Friday, October 3, 2014

Cooking with Asafoetida

If you’re new to Indian cooking, chances are you have yet to use asafoetida – an ingredient integral in the South. Brace yourself as your initial encounter will be jarring. Remember the dust cloud that encircled Charlie Brown’s friend Pig Pen? Well, times that by two and it will seem like a bouquet of roses next to this oh-so-stinky spice. Not convinced? Asafoetida’s sulfuric stench is so strong that it’s also called devil’s dung. Really, it’s that stinky!

Bottles of asafoetida

So, why, you may ask would anyone consume such an off-putting ingredient? For several surprisingly sensible reasons! First, asafoetida goes from acrid to full-flavored when cooked, and takes on the unique flavor of onions, garlic, and perfectly popped popcorn. Some even pick up the notes of truffles. It also blends well with other spices, magically rounding them out. Sambar (vegetable stew), for example, wouldn’t be sambar without the unifying spice.

Asafoetida is also used to prevent gassiness caused by eating cooked beans, peas, and lentils. Take a close look at the ingredients in urad dhal pappadam (lentil wafers) and you’ll find it listed there. It’s also a key ingredient in many pickles and chutneys.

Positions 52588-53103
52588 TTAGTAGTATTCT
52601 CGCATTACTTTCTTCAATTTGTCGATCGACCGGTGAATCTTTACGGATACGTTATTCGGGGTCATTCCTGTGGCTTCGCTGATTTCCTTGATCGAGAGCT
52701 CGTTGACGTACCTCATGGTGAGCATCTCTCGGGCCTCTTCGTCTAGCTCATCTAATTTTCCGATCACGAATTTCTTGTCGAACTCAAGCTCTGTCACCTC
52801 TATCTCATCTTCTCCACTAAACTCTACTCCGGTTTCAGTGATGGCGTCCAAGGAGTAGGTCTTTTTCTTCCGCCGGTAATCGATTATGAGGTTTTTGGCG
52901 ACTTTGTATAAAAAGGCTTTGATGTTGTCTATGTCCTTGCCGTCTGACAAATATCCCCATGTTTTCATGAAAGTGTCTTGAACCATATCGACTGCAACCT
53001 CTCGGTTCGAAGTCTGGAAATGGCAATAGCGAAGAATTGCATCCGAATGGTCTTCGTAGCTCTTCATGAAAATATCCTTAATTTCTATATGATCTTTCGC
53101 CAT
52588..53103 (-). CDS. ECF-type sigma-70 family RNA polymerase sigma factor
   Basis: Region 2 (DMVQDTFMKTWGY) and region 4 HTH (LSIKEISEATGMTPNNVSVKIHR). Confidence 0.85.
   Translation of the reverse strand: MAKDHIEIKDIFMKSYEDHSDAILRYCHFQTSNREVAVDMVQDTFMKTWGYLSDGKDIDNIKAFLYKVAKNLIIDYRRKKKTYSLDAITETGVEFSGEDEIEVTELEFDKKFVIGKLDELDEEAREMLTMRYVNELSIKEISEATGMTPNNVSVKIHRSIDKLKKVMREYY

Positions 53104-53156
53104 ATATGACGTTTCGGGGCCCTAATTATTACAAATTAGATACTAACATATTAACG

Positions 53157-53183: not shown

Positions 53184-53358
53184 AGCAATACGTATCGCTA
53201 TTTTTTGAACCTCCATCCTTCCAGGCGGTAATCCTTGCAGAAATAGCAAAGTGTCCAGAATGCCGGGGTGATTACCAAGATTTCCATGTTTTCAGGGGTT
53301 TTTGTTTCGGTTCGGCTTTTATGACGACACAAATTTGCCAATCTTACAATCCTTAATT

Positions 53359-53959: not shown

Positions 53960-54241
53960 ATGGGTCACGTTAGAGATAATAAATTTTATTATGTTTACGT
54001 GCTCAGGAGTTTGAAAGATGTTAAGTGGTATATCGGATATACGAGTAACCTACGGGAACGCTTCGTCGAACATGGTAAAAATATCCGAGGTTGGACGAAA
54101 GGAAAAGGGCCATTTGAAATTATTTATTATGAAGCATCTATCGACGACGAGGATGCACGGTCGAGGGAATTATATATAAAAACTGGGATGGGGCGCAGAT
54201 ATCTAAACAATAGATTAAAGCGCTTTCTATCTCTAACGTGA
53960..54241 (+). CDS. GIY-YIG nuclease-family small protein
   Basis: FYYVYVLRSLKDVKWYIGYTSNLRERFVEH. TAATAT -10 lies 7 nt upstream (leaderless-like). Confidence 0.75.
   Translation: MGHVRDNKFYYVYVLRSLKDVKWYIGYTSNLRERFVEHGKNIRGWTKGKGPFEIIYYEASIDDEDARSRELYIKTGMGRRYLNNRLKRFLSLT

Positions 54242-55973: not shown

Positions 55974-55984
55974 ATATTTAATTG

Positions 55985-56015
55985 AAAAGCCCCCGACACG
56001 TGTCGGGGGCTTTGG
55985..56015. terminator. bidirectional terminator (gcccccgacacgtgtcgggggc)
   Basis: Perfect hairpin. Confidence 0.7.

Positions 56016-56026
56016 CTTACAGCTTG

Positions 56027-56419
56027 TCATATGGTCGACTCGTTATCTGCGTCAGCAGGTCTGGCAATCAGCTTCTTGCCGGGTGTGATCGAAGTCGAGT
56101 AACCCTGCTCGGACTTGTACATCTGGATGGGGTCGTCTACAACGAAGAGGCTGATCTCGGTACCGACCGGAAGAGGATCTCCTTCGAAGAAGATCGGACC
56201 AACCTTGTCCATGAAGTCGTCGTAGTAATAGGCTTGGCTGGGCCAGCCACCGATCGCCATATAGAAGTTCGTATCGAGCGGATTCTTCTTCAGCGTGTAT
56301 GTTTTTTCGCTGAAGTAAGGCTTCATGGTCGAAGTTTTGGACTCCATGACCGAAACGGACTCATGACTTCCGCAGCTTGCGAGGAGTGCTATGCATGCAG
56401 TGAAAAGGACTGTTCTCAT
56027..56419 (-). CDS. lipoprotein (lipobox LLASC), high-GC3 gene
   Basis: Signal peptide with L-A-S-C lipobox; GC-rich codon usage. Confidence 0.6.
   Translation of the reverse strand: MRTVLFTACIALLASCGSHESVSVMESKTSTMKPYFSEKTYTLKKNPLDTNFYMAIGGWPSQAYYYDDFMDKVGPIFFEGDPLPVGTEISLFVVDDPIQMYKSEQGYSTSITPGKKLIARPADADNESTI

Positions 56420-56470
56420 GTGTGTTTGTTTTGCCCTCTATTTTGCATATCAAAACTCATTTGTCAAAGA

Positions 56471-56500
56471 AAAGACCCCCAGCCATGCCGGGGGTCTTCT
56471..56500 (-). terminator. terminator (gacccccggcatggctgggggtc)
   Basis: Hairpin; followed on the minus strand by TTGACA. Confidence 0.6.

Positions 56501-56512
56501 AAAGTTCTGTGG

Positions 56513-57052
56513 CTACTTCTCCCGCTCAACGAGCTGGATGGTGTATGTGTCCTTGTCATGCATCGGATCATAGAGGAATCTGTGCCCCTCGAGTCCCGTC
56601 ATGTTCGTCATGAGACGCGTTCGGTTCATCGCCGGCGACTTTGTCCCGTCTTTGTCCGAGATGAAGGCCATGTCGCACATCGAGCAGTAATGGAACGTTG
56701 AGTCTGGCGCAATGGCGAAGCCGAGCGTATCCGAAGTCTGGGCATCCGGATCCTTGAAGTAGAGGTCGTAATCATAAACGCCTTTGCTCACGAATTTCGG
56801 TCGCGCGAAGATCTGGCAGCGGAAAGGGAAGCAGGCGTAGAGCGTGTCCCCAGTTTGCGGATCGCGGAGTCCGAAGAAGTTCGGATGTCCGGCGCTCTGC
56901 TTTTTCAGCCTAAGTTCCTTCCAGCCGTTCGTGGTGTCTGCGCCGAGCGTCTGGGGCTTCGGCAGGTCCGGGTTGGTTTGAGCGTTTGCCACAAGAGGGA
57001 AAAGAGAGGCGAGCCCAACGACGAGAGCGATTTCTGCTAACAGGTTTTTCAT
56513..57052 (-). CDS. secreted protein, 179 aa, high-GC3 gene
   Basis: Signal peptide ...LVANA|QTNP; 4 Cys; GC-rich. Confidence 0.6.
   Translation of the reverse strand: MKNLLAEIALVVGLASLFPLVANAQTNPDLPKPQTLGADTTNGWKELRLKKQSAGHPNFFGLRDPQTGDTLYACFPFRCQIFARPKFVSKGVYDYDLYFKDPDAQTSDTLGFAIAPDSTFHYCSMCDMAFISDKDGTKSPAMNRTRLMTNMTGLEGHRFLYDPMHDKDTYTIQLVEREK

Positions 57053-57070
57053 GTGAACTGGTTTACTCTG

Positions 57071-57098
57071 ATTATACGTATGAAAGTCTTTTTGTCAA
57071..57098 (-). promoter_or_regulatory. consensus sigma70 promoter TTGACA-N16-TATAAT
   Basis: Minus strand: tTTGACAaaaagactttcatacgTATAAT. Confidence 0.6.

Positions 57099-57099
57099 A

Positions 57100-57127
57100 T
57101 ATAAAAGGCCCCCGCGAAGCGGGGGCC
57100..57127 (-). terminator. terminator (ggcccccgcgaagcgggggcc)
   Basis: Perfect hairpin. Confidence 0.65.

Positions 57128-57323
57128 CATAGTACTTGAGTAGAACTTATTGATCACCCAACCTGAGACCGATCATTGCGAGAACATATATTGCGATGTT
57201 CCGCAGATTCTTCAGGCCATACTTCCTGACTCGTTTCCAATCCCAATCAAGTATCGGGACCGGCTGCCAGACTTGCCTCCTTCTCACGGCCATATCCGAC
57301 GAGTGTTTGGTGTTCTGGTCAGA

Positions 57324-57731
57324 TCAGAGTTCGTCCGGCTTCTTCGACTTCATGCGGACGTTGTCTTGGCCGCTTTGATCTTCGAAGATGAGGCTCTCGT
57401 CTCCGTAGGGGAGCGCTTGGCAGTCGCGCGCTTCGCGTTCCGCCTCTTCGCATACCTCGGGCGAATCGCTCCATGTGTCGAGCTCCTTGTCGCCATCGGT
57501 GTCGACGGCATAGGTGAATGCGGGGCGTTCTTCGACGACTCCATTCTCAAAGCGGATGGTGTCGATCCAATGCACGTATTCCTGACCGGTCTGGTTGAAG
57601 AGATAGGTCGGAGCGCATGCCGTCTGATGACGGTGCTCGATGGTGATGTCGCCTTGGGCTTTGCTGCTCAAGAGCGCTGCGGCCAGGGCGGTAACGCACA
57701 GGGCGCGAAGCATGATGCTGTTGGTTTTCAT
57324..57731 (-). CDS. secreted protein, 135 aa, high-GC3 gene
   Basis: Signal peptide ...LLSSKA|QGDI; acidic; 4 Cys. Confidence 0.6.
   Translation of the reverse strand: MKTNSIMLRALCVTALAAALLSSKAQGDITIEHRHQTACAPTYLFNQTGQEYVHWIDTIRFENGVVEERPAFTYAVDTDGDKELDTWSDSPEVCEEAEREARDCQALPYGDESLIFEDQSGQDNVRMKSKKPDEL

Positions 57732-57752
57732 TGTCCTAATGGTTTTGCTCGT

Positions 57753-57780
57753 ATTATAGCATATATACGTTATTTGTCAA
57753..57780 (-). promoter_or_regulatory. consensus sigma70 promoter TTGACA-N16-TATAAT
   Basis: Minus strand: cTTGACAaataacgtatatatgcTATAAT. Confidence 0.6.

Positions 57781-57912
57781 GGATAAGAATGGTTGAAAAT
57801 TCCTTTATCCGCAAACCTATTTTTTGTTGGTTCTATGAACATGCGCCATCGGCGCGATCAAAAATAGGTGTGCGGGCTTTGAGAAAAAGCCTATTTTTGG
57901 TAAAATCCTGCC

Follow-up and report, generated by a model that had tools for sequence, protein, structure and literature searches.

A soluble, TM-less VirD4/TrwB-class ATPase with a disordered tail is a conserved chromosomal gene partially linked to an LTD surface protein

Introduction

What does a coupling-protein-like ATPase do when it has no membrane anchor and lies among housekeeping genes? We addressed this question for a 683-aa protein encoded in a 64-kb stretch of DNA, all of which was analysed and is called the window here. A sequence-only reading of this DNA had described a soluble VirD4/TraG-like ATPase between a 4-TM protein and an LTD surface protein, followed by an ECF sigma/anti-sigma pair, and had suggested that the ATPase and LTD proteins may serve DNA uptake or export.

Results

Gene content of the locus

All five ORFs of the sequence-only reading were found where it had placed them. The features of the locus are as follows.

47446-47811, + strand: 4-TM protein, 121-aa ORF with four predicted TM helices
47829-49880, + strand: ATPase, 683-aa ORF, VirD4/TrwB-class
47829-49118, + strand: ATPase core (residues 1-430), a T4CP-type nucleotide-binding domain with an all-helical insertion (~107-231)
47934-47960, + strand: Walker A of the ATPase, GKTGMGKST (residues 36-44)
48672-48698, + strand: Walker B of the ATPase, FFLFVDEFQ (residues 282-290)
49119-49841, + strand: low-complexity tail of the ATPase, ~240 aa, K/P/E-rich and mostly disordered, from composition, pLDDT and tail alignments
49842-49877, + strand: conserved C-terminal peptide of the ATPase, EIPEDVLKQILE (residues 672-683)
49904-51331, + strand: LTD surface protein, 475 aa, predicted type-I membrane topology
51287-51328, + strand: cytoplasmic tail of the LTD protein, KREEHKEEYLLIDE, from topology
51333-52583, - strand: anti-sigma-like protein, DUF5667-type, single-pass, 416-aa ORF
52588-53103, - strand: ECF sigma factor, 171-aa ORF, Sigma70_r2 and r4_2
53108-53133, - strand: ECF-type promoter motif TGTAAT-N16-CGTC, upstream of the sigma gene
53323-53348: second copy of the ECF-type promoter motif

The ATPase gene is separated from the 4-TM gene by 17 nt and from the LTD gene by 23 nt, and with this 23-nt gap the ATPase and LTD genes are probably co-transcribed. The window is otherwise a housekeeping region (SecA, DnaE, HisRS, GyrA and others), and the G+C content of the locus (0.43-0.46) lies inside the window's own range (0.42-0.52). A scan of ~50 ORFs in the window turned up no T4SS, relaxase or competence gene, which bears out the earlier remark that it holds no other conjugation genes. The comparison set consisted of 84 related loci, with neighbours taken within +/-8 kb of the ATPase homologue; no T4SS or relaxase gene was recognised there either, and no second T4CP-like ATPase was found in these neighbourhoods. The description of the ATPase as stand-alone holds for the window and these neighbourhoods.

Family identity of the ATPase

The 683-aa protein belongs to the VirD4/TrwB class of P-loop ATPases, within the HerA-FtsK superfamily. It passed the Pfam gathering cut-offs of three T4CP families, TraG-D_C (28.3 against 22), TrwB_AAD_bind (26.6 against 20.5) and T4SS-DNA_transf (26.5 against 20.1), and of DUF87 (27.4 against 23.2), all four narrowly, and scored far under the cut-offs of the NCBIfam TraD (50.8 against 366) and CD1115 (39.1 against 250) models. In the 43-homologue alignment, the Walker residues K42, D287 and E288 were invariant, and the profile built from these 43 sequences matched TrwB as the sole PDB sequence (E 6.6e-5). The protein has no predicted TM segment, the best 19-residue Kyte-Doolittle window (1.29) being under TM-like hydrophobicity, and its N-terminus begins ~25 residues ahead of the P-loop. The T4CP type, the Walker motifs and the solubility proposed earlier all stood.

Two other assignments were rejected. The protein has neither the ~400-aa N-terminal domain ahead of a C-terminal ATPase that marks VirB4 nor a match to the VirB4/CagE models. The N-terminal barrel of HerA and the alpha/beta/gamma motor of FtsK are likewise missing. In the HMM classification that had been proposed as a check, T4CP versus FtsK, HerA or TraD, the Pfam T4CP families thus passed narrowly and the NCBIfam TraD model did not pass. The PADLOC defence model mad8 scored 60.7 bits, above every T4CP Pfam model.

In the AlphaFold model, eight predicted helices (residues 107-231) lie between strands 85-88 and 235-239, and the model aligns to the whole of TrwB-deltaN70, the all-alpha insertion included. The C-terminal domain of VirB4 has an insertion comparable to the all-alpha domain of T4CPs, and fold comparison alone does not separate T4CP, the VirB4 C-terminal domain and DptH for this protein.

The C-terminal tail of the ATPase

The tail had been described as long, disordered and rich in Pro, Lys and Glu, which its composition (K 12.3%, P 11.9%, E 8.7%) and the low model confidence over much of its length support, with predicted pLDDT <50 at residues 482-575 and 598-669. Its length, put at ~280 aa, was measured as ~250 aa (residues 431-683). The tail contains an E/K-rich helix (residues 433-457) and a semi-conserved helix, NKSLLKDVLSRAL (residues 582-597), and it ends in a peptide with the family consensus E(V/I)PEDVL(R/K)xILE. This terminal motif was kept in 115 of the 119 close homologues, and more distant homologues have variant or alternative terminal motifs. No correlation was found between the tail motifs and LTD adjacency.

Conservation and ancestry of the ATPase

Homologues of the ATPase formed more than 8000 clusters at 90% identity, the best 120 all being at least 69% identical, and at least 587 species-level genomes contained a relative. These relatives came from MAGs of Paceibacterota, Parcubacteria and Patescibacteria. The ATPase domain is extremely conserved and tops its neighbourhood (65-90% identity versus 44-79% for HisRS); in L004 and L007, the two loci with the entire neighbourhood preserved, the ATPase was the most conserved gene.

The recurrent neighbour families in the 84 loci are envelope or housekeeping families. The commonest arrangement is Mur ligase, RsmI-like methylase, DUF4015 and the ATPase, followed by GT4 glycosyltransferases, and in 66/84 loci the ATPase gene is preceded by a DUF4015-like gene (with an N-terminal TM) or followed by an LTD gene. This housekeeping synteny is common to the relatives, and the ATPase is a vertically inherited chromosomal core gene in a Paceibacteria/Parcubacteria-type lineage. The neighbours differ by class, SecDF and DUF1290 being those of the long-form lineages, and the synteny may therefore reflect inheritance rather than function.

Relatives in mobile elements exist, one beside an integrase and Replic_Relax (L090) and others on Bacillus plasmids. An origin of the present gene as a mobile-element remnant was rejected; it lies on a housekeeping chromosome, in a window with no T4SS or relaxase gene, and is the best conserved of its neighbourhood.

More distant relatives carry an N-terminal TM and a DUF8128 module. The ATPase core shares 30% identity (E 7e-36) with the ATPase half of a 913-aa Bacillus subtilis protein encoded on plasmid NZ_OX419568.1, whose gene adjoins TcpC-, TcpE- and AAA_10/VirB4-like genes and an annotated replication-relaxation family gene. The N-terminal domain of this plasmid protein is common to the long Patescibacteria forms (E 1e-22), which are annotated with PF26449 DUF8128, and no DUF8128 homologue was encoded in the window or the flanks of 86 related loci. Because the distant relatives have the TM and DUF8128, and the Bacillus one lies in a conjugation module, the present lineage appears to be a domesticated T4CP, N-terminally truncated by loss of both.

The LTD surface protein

Urad dhal pappadam with asafoetida

Purchasing Asafoetida

Asafoetida is stocked in the spice section of most Indian grocery stores. It is sold powdered, in crystal-like chunks and as a paste. I opt for the powder, which is easiest to find and simple to use. 

Asafoetida crystals and powder

Cooking with Asafoetida

Asafoetida is typically sauteed in a fat, such as coconut oil, to round out and mellow its flavor. It pairs well with brown mustard seeds, curry leaves, and dried chilies.  

Cooking asafotedia with other spices
Advance purchase required!
Book your Chicago Food Tour today!
buy tickets at zerve
or call Zerve at (800) 979-3370

No comments:

Post a Comment

Share your thoughts!